A routinely used invasive heart test to measure heart function is being severely overused, particularly among patients who have recently undergone similar, more effective tests, states a new study from the Stanford University School of Medicine.
"This adds both risk to the patient and significant extra cost," said first author of the study Ronald Witteles, MD, assistant professor of cardiovascular medicine and program director of Stanford's internal medicine residency training program, who called the rates of unnecessary use "shockingly high."
The procedure, called left ventriculography or left ventriculogram, was developed 50 years ago to assess how well the heart functions by using a measurement method called "ejection fraction" — the percentage of blood that gets squeezed out with each heartbeat. The investigators found that it is routinely performed as an add-on procedure during a coronary angiogram, a separate heart-imaging test, at an extra cost of $300.
Over the years, several less-invasive and often superior methods of measuring ejection fraction have emerged, such as echocardiograms and nuclear cardiac imaging, making the use of left ventriculography questionable at times, the study states.
The study appears online this month in the American Heart Journal.
Several years ago when Witteles was a cardiac fellow, he and his colleagues noticed a great deal of variation in whether cardiologists would order the procedure, often in similar patient cases, he said. This seemingly arbitrary use of left ventriculography led to the idea for this study.
Researchers first set out to determine exactly how often the procedure was conducted. They examined a national database of about 96,000 patients enrolled in Aetna health benefits plans in 2007 who underwent a coronary angiogram during that year. The data showed left ventriculography was performed 81.8 percent of the time whenever an angiogram was done — a surprisingly high rate, Witteles said.
Next, they wanted to determine how high that figure was in a population of patients for whom it would almost never be medically justified to perform the procedure. So they looked at those patients who had very recently — within the 30 days prior to having a coronary angiogram — undergone another imaging study that would have given practitioners the same, and usually better-quality, information. (They excluded patients who had intervening diagnoses of new problems during those 30 days, such as heart failure, heart attack or shock.) Among the remaining 37,000 patients, the researchers found that not only did the majority still get the unnecessary left ventriculography procedure, but the rate actually jumped to 88 percent.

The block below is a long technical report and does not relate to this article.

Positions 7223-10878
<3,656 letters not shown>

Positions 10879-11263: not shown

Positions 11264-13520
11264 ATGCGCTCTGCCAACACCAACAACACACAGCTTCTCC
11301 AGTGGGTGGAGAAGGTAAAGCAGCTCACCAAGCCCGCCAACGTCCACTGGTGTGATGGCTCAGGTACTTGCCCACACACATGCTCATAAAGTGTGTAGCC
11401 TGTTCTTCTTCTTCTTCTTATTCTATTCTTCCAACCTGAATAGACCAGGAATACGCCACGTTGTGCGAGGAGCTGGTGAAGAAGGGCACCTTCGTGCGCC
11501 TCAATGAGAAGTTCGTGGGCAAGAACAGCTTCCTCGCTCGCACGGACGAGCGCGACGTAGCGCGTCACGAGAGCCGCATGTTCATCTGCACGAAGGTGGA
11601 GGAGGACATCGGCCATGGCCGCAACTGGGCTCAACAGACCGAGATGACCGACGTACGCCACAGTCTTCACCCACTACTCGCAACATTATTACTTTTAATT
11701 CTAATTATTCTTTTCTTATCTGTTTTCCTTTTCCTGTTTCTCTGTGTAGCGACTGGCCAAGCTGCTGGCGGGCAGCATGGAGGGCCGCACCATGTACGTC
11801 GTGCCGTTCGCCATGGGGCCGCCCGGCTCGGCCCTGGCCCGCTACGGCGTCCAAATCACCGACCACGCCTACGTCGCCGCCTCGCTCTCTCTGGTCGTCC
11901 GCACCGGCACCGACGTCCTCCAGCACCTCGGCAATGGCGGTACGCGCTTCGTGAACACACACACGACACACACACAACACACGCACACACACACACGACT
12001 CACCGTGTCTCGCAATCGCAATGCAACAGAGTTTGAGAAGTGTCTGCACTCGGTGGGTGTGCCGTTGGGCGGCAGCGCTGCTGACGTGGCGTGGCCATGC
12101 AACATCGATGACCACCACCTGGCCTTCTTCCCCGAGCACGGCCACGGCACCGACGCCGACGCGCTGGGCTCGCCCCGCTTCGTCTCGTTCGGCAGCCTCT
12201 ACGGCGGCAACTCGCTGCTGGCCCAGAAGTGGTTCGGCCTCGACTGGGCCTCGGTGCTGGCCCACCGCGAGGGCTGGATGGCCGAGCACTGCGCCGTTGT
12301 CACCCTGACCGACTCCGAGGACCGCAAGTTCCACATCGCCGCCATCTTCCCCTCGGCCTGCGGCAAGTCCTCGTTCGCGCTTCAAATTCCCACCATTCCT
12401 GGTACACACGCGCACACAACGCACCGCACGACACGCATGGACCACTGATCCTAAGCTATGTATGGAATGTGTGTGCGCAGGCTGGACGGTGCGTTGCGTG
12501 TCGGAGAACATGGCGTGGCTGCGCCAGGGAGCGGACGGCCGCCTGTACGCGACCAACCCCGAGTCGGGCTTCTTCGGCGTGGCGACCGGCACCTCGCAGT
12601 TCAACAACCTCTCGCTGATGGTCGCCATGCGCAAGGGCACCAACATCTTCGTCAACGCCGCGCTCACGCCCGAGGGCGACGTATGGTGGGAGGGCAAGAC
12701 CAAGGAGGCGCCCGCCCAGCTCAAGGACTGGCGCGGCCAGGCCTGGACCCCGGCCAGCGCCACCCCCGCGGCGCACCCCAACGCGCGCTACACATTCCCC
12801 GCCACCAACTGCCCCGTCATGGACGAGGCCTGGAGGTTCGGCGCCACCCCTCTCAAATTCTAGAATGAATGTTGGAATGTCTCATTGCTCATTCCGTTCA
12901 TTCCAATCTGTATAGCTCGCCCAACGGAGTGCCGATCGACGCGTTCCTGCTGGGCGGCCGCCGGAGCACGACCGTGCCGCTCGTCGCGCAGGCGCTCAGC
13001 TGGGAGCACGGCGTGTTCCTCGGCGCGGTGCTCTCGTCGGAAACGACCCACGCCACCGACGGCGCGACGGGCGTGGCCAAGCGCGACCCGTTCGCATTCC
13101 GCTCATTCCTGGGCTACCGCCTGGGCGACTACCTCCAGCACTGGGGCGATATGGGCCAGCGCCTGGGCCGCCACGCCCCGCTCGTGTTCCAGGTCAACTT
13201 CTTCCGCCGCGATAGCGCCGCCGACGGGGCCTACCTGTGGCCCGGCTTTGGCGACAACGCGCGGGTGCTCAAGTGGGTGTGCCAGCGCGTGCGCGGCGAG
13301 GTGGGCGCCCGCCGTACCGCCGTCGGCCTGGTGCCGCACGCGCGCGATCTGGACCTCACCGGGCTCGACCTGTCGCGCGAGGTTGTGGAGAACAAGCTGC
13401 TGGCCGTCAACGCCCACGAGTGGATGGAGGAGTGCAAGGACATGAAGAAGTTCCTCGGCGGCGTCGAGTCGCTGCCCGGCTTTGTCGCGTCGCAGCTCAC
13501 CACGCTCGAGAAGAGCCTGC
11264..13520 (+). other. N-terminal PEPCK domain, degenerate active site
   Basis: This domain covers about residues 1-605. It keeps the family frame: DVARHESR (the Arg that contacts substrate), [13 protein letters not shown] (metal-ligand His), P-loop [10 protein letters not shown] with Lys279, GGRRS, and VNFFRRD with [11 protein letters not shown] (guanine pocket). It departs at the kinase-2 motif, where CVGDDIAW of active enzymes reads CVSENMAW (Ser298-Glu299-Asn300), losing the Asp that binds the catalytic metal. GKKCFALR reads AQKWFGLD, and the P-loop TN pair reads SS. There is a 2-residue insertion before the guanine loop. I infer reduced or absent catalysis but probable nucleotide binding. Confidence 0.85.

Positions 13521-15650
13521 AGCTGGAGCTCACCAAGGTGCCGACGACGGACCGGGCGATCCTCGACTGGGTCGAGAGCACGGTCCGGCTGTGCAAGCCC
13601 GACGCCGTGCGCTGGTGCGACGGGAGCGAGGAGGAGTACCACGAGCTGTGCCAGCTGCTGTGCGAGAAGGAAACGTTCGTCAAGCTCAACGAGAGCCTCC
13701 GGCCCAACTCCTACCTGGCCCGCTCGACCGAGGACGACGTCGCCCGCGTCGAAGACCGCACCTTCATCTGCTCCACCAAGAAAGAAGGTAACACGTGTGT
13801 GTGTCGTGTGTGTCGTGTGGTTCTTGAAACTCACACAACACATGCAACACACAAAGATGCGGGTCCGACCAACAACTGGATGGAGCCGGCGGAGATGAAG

"If a patient recently had an echocardiogram or a nuclear study, it didn't make them less likely to have the left ventriculography procedure — it made them more likely," Witteles said. "That is impossible to explain from a medical justification standpoint.
"It is extremely unusual, in these types of cases, to need another assessment. The only logical conclusion is that a practice pattern is being defined in which tests beget more tests, whether they're necessary or not. It would be bad enough if the figure stayed at 81 percent, but our findings showed that it went up."
Even more concerning than the added costs are the medical risks from performing an unnecessary procedure. For left ventriculography, this can include side effects from injecting contrast dye (which can be particularly harmful for patients with kidney dysfunction or diabetes), increased radiation exposure and an increased risk of abnormal heart rhythms and stroke.
During a coronary angiogram, a catheter is threaded through the blood vessels to the heart, contrast dye is inserted and X-rays are taken. The add-on left ventriculography procedure involves moving the catheter across the aortic valve of the heart and inserting another dose of contrast dye. This allows visualization of the left ventricle and its contractions.
"The biggest downside is that the catheter goes across the valve into the heart," Witteles said. "There's always a risk of dislodging a blood clot, causing a stroke. The procedure only takes five minutes, but it increases the risk of arrhythmias. And then there is the added cost. But the real big-picture issue is how often an unnecessary, invasive test is being routinely ordered."